Having the right tires on your bike lets you ride faster, corner harder and adds confidence for tackling different types of terrain. Choose tires that match the type of surface where you do most of your riding.
Road Slicks and Semi-slicks
Smooth, with no tread, these tires have very little rolling resistance and are designed to go fast on smooth road pavement. They are somewhat prone to punctures, so if you ride with slicks, bring a repair kit with you. Semi-slicks are smooth in the middle with a subtle tread on the edges, they offer low rolling resistance, but give you some traction when cornering and riding in wet conditions. They suit road riding and commuting in the sprint and fall or cycle-touring on paved roads.
These are glued onto the rim, and are predominately used for elite racing. They offer light weight, less rolling resistance, better road feel and they are less prone to puncturing. You can run them at lower pressure for more traction. The limitation is that they are compatible only with tubular wheels, not more standard clincher wheels (the type of tire that needs tire levers to pop it on off the rim).
Mountain bike and touring tires
Mountain bike tires with treaded knobs that stick out from the tire and are designed to bite into loose terrain. Some have what’s called inverted tread, a flat surface where the tread bulges in toward the rim. This design offers traction on loose surfaces without sacrificing too much rolling resistance, so they’re good for touring on mixed terrain or recreational riding over paved routes or hardpacked trails.
Tips for selecting mountain bike and touring tires:
- Smooth singletrack: use smaller knobs for speed
- Rooty, rocky terrain: go for taller knobs that provide grip
- Soft trails: wide tires with sturdy paddle-like knobs
- Hardpack: knobs that are wider at the base to help you corner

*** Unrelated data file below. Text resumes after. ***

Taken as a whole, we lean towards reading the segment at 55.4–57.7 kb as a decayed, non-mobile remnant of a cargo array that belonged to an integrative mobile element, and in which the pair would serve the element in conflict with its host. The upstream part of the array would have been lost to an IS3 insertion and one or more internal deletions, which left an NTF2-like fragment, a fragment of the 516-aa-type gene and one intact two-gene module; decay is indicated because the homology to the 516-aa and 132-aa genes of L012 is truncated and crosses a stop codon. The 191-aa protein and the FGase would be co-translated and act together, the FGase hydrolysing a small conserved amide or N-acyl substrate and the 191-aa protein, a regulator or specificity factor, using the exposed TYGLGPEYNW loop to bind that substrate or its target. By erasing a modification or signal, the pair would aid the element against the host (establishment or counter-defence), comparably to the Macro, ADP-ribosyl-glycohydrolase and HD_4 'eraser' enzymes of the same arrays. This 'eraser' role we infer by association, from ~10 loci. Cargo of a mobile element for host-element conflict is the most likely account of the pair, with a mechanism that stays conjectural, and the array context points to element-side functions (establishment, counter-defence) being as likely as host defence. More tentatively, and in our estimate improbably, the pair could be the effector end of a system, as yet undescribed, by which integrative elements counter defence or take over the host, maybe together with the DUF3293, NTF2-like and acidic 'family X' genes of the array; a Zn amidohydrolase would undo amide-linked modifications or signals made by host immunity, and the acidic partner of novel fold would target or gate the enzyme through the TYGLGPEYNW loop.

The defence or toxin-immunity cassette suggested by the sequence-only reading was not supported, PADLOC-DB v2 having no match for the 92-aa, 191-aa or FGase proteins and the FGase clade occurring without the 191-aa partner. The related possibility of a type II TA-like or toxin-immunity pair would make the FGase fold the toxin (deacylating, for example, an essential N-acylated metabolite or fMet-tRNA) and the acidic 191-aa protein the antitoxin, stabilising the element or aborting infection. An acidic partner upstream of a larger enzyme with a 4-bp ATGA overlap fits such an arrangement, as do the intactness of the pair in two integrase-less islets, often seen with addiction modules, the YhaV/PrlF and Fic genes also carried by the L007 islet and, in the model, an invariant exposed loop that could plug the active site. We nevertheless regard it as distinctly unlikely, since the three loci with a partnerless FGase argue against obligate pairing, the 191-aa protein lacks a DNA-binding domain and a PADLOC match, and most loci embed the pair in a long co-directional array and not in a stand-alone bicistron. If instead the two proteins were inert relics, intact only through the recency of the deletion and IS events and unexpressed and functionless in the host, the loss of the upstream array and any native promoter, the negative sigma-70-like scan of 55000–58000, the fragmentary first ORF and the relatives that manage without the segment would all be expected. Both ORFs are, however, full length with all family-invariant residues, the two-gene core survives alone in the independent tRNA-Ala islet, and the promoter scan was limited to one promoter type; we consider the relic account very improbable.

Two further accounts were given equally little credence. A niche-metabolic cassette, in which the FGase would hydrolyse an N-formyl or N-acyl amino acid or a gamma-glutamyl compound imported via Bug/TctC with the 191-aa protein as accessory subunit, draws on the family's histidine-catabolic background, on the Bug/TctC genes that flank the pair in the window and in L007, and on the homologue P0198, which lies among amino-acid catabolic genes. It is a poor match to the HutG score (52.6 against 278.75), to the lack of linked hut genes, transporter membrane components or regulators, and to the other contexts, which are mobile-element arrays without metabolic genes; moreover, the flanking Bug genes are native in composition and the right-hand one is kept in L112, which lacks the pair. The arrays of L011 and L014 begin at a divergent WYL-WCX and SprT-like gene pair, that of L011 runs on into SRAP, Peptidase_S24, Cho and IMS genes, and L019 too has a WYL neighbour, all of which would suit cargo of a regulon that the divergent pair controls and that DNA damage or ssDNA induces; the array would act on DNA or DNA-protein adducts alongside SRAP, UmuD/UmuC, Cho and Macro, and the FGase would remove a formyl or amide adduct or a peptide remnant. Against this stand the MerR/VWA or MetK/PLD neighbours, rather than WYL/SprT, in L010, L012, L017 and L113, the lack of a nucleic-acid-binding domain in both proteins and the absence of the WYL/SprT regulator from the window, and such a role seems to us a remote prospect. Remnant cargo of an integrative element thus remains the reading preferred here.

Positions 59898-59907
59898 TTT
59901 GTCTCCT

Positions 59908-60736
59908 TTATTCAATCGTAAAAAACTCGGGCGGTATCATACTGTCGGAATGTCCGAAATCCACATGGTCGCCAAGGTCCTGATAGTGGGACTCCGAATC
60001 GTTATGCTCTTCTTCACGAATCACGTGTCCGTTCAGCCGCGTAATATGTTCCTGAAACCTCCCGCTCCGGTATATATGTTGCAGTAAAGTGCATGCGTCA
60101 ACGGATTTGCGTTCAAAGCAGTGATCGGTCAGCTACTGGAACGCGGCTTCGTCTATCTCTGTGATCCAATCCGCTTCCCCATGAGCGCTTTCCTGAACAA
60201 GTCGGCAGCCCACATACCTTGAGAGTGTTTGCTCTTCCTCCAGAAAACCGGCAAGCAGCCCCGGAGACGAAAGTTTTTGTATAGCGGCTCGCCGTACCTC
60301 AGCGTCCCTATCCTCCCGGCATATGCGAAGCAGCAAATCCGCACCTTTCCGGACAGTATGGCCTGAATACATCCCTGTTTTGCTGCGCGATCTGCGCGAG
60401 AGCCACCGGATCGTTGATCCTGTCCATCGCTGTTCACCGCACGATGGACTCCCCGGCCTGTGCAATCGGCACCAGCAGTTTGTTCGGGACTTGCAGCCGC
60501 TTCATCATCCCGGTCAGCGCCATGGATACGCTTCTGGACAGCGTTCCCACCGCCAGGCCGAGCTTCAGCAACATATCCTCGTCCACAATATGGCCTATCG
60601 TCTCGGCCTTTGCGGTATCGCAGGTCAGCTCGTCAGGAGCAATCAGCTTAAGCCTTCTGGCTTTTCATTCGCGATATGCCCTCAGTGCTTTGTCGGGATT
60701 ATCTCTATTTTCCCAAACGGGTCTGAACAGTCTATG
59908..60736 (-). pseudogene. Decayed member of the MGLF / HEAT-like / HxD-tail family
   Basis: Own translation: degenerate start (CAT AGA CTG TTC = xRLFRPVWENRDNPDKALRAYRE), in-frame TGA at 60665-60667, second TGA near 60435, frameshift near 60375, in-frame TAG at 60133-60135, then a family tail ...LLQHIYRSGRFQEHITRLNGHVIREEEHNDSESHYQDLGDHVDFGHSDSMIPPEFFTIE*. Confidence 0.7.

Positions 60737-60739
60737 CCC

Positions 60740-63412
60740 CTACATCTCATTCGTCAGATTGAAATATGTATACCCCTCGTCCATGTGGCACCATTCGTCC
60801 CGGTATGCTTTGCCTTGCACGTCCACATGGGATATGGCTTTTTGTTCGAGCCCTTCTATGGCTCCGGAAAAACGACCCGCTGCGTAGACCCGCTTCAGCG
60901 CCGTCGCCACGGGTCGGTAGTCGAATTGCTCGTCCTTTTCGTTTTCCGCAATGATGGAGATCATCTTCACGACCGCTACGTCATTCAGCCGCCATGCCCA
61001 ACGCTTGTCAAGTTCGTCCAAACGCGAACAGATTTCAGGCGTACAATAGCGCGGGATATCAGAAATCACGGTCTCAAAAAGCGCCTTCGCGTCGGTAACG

- Loose terrain or hardpack: tall, widely spaced knobs offer versatility
- Mud: widely-spaced knob shed mud as you ride
- Variable surfaces: inverted tread, or a distinct tread pattern
If you ride in areas with lots of tough thorns, glass or other sharp material that could cause flats, you might look for puncture-resistant tires. A belt of Kevlar or similar material protects the tube, so you’ll have fewer flat tires, but the trade-off is a slight increase in weight and rolling resistance.
Winter tires are often studded with steel or aluminum studs that have carbide pins to dig into snow and ice. They are great for riding on unplowed streets and snow-covered bike routes, but like snow tires on a car, you probably don’t want to run them all year long.
Folding vs. wire bead
For longer tours and trips when you plan to bring spares, you’ll probably want folding tires. These use Kevlar or a similar material to form the edge of the sidewall instead of a wire bead. This makes them lighter than standard tires and they pack up much smaller for travel. They are however, a little more expensive than wire bead options, which incorporate a hoop of stiff wire into the sidewalls.
Air sealed to compatible rims using liquid sealant, they are popular with mountain bikers, cyclocross racers and some road riders. They give you lightness, low rolling resistance, good ride feel and they’re not prone to puncturing. You can also run them at lower pressure to add traction. The big advantage is that they will self-seal in case of puncture. But they must be used with tubeless-ready clincher wheels and the setup can be messy (literally).
front and rear tires
Road bikes, commuter and touring bikes generally use the same tire on the front and rear. Mountain bikers tend to switch it up with a front tire designed for cornering, and a rear tire that gives you power transmission and solid braking.
Bike tire sizes
Check the sidewall of your current tire to find its size. Road bikes use a metric sizing standard, most other bikes use an imperial standard.
If you see a number like 700 x 23, it means 700 is the diameter in millimeters and 23 is the width in millimeters. Most road bike racers use 700 tires in a width from 18 to 25mm.
If you spot a number like 26 x 2.0, it means 26 is the bead-to-bead diameter in inches and 2.0 is the width in inches. Commuter and touring bikes will often use a 1.8 to 2.4-inch width and aggressive downhill mountain bikers will use 2.5 to 3.0-inch width. If you opt to use a wider tire than what’s currently on your bike, check that your fork provides enough clearance.